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I did notice what santa brought other kids. We got almost nithing and I would try and be as good as could (and I was pretty darn good) and yet the mean kids who constantly teased me and tormented me always got more. lots more. and better. lots better . and made sure I knew it. I remember feeling so badly about why SAnta hted me. Everyone hated me and even santa. i remember thinking there must be something really bad about me. Of course then everyone made fun of me when I still believed in Santa.

the whole santa thing was so bad for me and beside being really mad abiout having been lied to for so long it wa s great reliefe to find out there wasn't some guy at the north pole who hated our family as much as everyone in our small town did.

not everyone thought the whole santa thing was funa nd delightful. for some of us it weas stressful and heartbeaking and just one more way to be reiminded the the whole world was unfair for some people.

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#16 of 21 Old 12-03-2005, 05:36 PM
 
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lilyka- Great post. I had a lot of the same thoughts growing up.
Also when I was a little kid the whole Santa thing just weirded me out. Why was this strange old man buying me presents and not my parents? Why was it okay that he was breaking into our house? I just didn't want some stranger in my house at night when I was asleep, presents or no.

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#17 of 21 Old 12-03-2005, 11:30 PM
 
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OMG, lilyka

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#18 of 21 Old 12-04-2005, 12:14 AM
 
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Well the first reason being that we don't celebrate xmas, second being that I want all credit for gift, third I don't like telling a kid that if he's good santa will bring him a present and if he's bad he will get a lump of coal.

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#19 of 21 Old 12-04-2005, 12:27 AM
 
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It does bug me to think of kids getting loads of presents from a basically anonymous man on the north pole and that the kids feel entitled to it. For what? When my dd gets a gift I want her to know that someone she knows and loves picked that out with her in mind and that it required effort/thought/money etc. I feel that's necessary for her to understand and experience gratitude.
Yep, that.

And also, I don't want my DD thinking that other kids somehow don't deserve Santa's bounty, but she does.

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#20 of 21 Old 12-04-2005, 02:05 AM
 
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Everybody has pretty much mentioned my reasons in various posts:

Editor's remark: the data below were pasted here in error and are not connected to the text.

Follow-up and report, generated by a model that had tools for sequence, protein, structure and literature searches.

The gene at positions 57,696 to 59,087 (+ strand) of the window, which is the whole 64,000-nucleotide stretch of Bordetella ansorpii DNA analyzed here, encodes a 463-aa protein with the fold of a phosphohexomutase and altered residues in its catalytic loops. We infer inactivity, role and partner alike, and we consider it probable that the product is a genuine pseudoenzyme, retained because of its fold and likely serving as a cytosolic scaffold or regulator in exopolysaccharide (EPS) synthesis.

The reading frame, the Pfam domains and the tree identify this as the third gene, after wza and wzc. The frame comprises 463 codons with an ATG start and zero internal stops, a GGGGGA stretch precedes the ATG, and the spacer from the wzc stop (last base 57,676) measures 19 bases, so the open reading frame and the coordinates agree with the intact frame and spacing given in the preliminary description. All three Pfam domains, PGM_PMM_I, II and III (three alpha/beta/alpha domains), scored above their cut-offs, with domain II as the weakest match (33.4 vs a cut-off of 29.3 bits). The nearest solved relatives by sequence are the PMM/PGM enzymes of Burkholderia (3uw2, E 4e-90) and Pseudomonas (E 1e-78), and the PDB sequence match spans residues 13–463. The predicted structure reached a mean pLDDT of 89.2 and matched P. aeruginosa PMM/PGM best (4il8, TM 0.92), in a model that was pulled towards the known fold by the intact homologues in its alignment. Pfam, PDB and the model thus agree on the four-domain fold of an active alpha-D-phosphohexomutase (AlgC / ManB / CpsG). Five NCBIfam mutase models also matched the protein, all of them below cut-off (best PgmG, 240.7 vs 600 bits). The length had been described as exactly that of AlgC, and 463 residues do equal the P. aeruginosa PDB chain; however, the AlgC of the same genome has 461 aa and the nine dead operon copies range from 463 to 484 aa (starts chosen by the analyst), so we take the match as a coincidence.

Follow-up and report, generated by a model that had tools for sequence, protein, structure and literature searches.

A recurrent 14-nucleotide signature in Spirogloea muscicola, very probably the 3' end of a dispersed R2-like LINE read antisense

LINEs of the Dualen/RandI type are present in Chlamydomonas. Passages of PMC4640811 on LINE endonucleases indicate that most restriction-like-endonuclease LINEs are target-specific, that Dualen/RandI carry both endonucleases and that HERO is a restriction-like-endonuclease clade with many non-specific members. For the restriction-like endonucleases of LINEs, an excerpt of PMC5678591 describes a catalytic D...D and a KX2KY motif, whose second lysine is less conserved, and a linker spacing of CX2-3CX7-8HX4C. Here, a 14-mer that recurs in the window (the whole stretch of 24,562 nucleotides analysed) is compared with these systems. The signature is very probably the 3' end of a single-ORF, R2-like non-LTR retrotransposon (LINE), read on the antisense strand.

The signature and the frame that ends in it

1. The lying. I think you can still be magical & do make believe but not insist that Santa/other characters really exist & write letters. I love fairies & nature, but I'll tell my kids that I like to PRETEND there are fairies who live in our garden, not that there ARE fairies who live in our garden.
2. The good/bad kid theme - ugh.
3. The commercialism of the holidays - buying gifts because you HAVE to, rather than just randomly seeing something somebody would love & giving it to them right away...
4. We celebrate the Winter Solstice instead.

We'll still talk about Santa as a character & explain the good will behind St. Nick. If our kids want to pretend & play Santa games, fine, but I'm not going to lie and tell them that he's real.
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#21 of 21 Old 12-04-2005, 03:18 AM
 
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I doubt we will do Santa that way with this baby. What we plan to do is the Christmas tree angels (where you buy things for a child who is less fortunate) and take things of ours that we don't use as often and give to our local homeless shelter (handing them out ourselves if possible). And we'd like to portray Santa like that. That he's a loving, giving spirit. Not that if you don't eat all your broccoli you don't get any presents. Though, we all know many people who do portray him that way.

I think it's all about how each parent decides to do Santa.

ETA: I know this is going to come out weird, but hopefully some will understand what I'm trying to say. We are Christians, but really... I don't think of Christmas as Jesus' birthday. We focus on God and Jesus every single day. We pray every day, read the Bible every day, attend church 3 times a week (more if they have activities), etc. Jesus is part of who we are. Giving him one certain day a year seems odd to me (not for others, just for my family). More than likely Christmas will be a Santa, reindeer, Frosty the Snowman thing for us. We'll focus on Jesus just as much as we do any other day.